If Tisseau’s presence tricked one of those heartfelt love requiems from him, he’s not confessing. Neither are those behind her disappearance.
Tisseau was an Argentine model, Ginestà politically acute and French. Both combated the leading repressive regimes of their times and places. The first woman joined intrigues opposed to her nation’s militarist regime; the second defended Spain against the reactionary Falange.
The women’s respective causes failed. The rebel victory over the duly elected Republican government not only retarded Spain’s progress by decades, but also emboldened the Axis powers intending world plunder. That much talked about line had been trampled. Could there have been a starker example of put up or shut up than The Spanish Civil War? If the high-minded democracies couldn’t and wouldn’t aid one of their own, weren’t black shirts convinced they too could pick off other weak and disjointed republics?
Munich didn’t green light the Second World War. Letting Spain become a live-fire laboratory for total war did.
After withdrawing from Spain, Ginestà bracketed Mexican exile between escaping and returning to France. Postwar she eventually settled in Paris. Indeed, mamie had worn combat boots.
Again, who can say, or who will ever confess, how Tisseau expired? Since 1976 her physical presence has been completely expunged. The 24-year-old was that figure who walks into the jungle and leaves no tracks behind. But rather than being digested by savannah, the Argentine urban jungle consumed her.
Thanks to the world’s myriad ideological or religious discords, Westerners are familiar with the shadowy villains slinking among us looking to foment this cause or indoctrinate that creed by whatever method of imposition necessary. Their blood-drizzled objectives make no distinction between bystanders and the particular pillars they insist need razing. To ideologues, there are no innocents. People living as unobtrusively as possible merely bolster their contention. If you aren’t with them …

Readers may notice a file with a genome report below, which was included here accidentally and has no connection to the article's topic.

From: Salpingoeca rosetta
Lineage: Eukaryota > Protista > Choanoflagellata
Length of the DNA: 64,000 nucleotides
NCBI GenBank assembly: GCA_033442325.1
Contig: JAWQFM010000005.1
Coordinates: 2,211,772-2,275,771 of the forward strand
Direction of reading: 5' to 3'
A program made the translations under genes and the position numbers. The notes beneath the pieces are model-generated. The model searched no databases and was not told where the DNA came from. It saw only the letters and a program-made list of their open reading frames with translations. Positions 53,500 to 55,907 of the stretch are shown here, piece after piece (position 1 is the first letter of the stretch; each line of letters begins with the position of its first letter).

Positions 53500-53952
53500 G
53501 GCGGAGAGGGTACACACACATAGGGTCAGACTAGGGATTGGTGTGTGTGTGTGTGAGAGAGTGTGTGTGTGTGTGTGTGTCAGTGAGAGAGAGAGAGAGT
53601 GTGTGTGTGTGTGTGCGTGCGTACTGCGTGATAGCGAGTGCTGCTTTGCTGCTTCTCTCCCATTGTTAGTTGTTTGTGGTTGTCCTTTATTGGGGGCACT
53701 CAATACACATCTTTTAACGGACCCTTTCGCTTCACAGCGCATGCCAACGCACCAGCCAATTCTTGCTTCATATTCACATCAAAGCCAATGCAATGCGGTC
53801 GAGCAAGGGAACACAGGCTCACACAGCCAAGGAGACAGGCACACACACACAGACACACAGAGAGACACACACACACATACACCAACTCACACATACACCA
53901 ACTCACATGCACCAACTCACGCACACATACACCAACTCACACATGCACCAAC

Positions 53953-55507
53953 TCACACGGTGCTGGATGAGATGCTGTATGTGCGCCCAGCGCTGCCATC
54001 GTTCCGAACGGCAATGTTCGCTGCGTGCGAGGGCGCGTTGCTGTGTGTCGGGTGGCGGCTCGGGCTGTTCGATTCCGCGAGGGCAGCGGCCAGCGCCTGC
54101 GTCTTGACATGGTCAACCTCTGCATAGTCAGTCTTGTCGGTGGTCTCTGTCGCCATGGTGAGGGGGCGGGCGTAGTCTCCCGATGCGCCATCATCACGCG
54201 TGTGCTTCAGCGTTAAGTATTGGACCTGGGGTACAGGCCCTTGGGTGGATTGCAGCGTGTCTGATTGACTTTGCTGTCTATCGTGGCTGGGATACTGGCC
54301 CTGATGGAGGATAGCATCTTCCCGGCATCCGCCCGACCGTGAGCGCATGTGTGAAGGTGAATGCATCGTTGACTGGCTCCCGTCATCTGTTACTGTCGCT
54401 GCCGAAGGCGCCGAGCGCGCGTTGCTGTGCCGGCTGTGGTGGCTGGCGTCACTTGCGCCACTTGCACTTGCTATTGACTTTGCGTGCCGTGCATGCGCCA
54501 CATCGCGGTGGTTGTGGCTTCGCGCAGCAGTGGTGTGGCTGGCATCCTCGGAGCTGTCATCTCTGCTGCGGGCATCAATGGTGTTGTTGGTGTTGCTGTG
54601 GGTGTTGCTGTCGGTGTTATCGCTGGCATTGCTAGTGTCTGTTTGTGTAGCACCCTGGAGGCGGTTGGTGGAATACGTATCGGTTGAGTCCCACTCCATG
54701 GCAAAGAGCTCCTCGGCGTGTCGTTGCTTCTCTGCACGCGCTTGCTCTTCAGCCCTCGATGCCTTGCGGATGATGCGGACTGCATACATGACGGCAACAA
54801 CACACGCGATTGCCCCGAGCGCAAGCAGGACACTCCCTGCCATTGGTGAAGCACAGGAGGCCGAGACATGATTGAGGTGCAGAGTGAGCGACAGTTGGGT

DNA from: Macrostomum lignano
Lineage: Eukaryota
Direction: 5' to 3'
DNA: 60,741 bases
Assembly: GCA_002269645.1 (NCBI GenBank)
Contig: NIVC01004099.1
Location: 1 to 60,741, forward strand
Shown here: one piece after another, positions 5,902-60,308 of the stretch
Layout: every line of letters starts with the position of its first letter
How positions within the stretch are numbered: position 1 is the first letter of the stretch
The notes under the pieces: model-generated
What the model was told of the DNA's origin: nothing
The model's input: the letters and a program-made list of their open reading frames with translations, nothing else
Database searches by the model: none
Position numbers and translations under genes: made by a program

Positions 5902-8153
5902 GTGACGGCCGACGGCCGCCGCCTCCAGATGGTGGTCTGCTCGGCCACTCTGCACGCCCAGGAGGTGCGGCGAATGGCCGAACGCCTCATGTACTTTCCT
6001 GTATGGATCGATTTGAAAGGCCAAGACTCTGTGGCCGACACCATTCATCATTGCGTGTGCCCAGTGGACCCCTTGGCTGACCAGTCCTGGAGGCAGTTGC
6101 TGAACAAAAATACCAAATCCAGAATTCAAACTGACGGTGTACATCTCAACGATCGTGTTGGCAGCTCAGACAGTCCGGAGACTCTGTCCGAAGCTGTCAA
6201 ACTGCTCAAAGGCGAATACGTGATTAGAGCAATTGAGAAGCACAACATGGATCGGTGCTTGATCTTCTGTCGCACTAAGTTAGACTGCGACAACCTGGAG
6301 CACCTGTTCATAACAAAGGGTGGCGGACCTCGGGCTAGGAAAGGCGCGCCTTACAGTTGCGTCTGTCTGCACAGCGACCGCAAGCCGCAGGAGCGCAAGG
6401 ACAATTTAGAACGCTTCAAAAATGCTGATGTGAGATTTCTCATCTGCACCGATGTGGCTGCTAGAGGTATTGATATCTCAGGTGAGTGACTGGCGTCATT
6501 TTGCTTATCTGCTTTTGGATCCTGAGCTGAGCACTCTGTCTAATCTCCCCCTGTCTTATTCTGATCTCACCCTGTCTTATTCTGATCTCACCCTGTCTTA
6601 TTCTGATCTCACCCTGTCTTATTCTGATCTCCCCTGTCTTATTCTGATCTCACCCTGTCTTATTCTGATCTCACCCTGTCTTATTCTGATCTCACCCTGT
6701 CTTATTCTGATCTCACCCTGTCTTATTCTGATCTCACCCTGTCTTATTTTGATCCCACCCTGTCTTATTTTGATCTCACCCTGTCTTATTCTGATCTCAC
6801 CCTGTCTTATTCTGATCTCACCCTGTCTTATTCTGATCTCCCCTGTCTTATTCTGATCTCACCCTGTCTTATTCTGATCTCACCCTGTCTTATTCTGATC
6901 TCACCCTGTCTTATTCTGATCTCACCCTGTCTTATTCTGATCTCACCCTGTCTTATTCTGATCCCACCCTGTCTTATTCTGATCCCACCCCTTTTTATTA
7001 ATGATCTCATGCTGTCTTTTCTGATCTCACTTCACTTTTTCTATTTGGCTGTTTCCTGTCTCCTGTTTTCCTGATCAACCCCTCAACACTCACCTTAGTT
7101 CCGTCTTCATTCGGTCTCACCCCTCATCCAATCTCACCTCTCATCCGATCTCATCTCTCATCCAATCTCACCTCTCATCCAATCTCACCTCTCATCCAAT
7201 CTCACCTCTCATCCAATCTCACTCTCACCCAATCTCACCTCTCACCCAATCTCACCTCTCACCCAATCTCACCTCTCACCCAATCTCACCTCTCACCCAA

Marie Tisseau became an Argentine dissatisfied with her nation’s narrow direction. Now she’s nearly a caricature of a limousine revolutionary. She was that bourgeois baby who agitated for bread and justice, but whose upbringing had delivered her material goods and comfort aplenty. Her concept of “without” was just that. Theory. Elevated roundtable chatter made romantic through the chaotic energy of youth, cigarette smoke, though ultimately condescendingly delivered regarding “the people.”
Fighter, militant, insurgent, “terrorist” even, Marina Ginestà is best seen as a recruiting pitch. More pointed than posters featuring Uncle Sam or Lord Kitchener, Ginestà’s pose atop a Barcelona roof in 1936 made an appeal stronger than ¡Sangre y Patria! The Catalan capital as her backdrop, the 17-year-old’s glance summoned without hectoring. Uncle Sam and Kitchener beseeched ambivalent patriots into serving. Ginestà’s easy on the eyes coaxing flatly stated “Boys, this is what you’re fighting for!”
Marina Ginestà, Barcelona, Spain, June 1936.
One must wonder whether Ernest Hemingway ever glimpsed her portrait. With all occurring around him, had her image imprinted itself in Hemingway’s mind? Could Ginestà’s inviting steel have been the basis behind the fictional Maria in his For Whom the Bell Tolls?
Here’s a backstory: the militiawoman’s come-hither defiance was a setup. Hers seems a contrivance Joseph Goebbels should’ve staged. Hans Gutman, a German pro-Republican photographer had his Edward Bernays’ moment. One he hoped advanced Republican sympathies. In Ginestà, Gutman found the requisite pretty girl. He and his subject climbed to the roof.